Palestinian terrorists in the Gaza Strip fired 13 rockets into southern Israel before dawn on Wednesday, eight of which were intercepted by the Iron Dome system, the Israel Defense Forces said. The attack apparently came in response to Israel signing peace deals with the United Arab Emirates and Bahrain.
The projectiles were fired over the course of half an hour, prompting the second of two waves of overnight strikes by the Israeli Air Force on Hamas targets across Gaza.
The predawn attacks from the Strip triggered sirens at least five times over a half-hour period — from roughly 4:30 a.m. to 5 a.m. — in the town of Sderot and communities in the Eshkol and Sha’ar Hanegev regions early Wednesday. The IDF said several volleys were fired, totaling 13 rockets. Soldiers operating the Iron Dome missile defense system intercepted eight of the incoming projectiles, the military said.
Despite the overnight rocket attacks, schools opened as usual for students in communities surrounding the Gaza Strip, local officials said.
Prime Minister Benjamin Netanyahu and Defense Minister Benny Gantz held security consultations on Wednesday morning about the outbreak of violence.
No Palestinian terror group took responsibility for the rockets, though both Hamas and Palestinian Islamic Jihad put out statements in support of them, indicating they’d at least given their tacit approval for the launches.
Witnesses reported a series of loud explosions, and videos showed Iron Dome interceptors streaking up to destroy incoming rockets.
Iranian media stressed that rockets were fired at Israel from Gaza during the signing of the peace deals with the UAE and Bahrain. Fars News said that the rocket sirens were heard in Ashkelon and Ashdod “at the same time as Arab, American and Zionists officials gathered at the White House.”
Fars News claims that Israel’s assertions that it intercepted the rockets were “not true” and it showed images of a shop allegedly damaged, “two people were injured.” The Iranian media, which is close to the Islamic Revolutionary Guard Corps, stressed that this rocket fire came during the signing of the agreement with the UAE and Bahrain.
There are reports that Israel will pursue the Terrorists hiding in Gaza Strip.
Peace Accord between Israel, UAE and Bahrain
President Donald Trump facilitated the signing of a pair of historic agreements formalizing diplomatic relations between Israel and two Gulf Arab nations in a ceremony Tuesday on the White House South Lawn.
President Trump presided over a South Lawn ceremony where Prime Minister Benjamin Netanyahu of Israel and the foreign ministers of Bahrain and the United Arab Emirates signed a general declaration of principles the White House has named the Abraham Accords, after the biblical father of three monotheistic religions, as well individual agreements between Israel and the two Arab states.
The accords – written in English, Hebrew and Arabic – marking a major geopolitical shift in the Middle East and giving Trump a platform as peacemaker as he heads into the fall reelection campaign.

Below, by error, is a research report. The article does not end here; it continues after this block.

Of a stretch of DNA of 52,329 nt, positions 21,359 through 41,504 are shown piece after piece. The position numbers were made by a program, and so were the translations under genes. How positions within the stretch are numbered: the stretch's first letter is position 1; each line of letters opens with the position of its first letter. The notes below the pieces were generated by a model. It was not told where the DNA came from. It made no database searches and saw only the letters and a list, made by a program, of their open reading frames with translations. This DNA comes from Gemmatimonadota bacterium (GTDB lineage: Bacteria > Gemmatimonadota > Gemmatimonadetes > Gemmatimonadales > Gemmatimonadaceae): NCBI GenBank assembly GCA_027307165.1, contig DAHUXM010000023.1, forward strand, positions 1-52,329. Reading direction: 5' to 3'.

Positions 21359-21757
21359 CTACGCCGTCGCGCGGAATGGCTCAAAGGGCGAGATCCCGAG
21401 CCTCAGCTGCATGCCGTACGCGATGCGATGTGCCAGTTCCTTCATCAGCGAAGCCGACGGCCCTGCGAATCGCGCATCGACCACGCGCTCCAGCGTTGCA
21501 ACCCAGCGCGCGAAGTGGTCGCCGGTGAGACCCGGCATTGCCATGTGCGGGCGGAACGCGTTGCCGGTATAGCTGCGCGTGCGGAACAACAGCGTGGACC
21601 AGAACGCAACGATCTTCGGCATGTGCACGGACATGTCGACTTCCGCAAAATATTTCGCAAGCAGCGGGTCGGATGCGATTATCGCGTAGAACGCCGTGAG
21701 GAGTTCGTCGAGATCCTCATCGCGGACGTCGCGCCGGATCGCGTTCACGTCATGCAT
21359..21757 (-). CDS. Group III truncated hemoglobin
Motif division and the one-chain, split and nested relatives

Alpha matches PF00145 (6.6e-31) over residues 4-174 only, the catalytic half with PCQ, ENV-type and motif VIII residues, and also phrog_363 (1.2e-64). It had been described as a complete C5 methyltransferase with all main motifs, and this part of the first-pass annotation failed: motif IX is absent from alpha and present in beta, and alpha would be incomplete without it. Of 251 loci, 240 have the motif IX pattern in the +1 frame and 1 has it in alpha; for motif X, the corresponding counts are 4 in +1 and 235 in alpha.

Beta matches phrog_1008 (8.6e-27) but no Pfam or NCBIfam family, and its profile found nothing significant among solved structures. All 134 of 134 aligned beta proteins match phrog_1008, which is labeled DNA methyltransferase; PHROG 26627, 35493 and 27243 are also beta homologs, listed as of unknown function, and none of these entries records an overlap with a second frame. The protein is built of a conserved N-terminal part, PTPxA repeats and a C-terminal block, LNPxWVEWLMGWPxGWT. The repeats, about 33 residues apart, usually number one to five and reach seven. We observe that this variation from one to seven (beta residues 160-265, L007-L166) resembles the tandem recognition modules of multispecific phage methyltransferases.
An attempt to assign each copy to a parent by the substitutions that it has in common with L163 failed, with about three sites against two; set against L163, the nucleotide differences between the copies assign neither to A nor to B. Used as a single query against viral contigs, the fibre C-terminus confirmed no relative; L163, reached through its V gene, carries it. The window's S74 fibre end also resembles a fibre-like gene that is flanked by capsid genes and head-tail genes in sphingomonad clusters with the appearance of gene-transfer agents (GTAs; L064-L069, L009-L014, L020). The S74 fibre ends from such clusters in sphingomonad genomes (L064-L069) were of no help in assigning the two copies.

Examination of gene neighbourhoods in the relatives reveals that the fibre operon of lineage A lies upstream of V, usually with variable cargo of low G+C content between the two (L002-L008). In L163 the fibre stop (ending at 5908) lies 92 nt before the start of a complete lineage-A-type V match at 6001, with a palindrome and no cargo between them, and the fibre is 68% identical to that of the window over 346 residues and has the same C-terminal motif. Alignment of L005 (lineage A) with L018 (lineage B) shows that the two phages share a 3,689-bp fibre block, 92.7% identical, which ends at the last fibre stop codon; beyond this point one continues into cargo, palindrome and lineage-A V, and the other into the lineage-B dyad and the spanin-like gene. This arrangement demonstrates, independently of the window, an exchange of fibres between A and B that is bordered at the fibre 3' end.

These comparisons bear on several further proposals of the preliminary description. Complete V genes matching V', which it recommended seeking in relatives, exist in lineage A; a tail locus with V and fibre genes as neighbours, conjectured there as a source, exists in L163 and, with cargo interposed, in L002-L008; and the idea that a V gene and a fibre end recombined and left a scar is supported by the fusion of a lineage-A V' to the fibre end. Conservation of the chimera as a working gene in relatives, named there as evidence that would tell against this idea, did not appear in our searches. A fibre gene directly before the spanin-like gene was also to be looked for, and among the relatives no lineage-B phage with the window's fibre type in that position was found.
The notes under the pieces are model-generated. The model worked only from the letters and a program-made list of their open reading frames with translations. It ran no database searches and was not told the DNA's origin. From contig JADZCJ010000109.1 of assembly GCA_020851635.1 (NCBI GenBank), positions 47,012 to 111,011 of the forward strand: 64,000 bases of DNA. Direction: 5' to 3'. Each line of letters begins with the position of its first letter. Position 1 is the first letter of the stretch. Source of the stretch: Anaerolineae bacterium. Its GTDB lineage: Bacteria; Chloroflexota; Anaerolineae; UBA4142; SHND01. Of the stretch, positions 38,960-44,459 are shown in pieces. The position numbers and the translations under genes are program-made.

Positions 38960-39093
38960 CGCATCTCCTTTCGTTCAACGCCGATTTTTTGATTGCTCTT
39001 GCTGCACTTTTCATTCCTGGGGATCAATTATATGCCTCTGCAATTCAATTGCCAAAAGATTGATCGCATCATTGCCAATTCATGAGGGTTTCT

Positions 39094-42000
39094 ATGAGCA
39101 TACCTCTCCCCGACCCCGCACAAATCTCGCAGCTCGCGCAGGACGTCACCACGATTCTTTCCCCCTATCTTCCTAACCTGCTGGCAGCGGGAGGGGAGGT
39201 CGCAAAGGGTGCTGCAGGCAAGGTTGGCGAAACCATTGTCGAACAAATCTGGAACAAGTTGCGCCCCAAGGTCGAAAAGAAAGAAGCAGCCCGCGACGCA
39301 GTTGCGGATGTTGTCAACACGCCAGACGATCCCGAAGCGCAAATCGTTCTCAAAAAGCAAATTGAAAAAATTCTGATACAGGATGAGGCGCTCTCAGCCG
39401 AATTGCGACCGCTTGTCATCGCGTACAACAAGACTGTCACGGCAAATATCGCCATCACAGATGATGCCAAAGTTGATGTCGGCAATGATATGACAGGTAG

“We’re here this afternoon to change the course of history,” Trump said at the beginning of the ceremony. “Together these agreements will serve as the foundation for a comprehensive peace across the entire region.”
“Together these agreements will serve as the foundation for a comprehensive peace across the entire region, something which nobody thought was possible, certainly not in this day and age,” Trump said. “These agreements prove that the nations of the region are breaking free from failed approaches of the past. Today’s signing sets history on a new course and there will be other countries very very soon that will follow these great leaders.”
Netanyahu called the agreements “a pivot of history” that “heralds a new dawn of peace.” The foreign ministers from Bahrain and the UAE were equally sweeping in their praise for the pacts.
The texts of the agreements detail how the three countries will open embassies and establish other new diplomatic and economic ties, including tourism, technology and energy. Israel and the Emirates are beginning commercial air travel between their countries for the first time, and Bahrain has opened its airspace for those flights.
In late-2015, Israel opened a diplomatic-level mission to the International Renewable Energy Agency in Abu Dhabi. In 2018, then-culture minister Miri Regev made a state visit to the Grand Mosque on the heels of an Israeli gold medal at a judo tournament in the Emirates. Israel was also invited to Expo 2020 Dubai, a world expo that has since been delayed by the coronavirus pandemic.
Bahrain has a small but sustained Jewish community, with one of its members serving as the country’s ambassador to the United States from 2008-2013. The small Gulf kingdom also hosted the unveiling of the economic portion of the White House’s plan for Middle East peace, signaling a willingness to engage with the US — and subsequently Israel — on the issue, even at a time when no progress on the Israeli-Palestinian conflict appears possible.
UAE and Bahrain are also close allies of the US, with each country hosting a significant US military presence. The US Air Force has deployed F-35 fighter jets to an air base in Abu Dhabi, while the Navy’s Fifth Fleet and Central Command are based in Bahrain. That military presence has drawn the leaders of the UAE and Bahrain closer to the US, and because of the anti-Iran alliance, closer to Israel.
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All eyes will be on whether other countries in the region follow suit, above all Saudi Arabia. President Trump even suggested five other Arab states were “far down the road” towards finalising similar arrangements.
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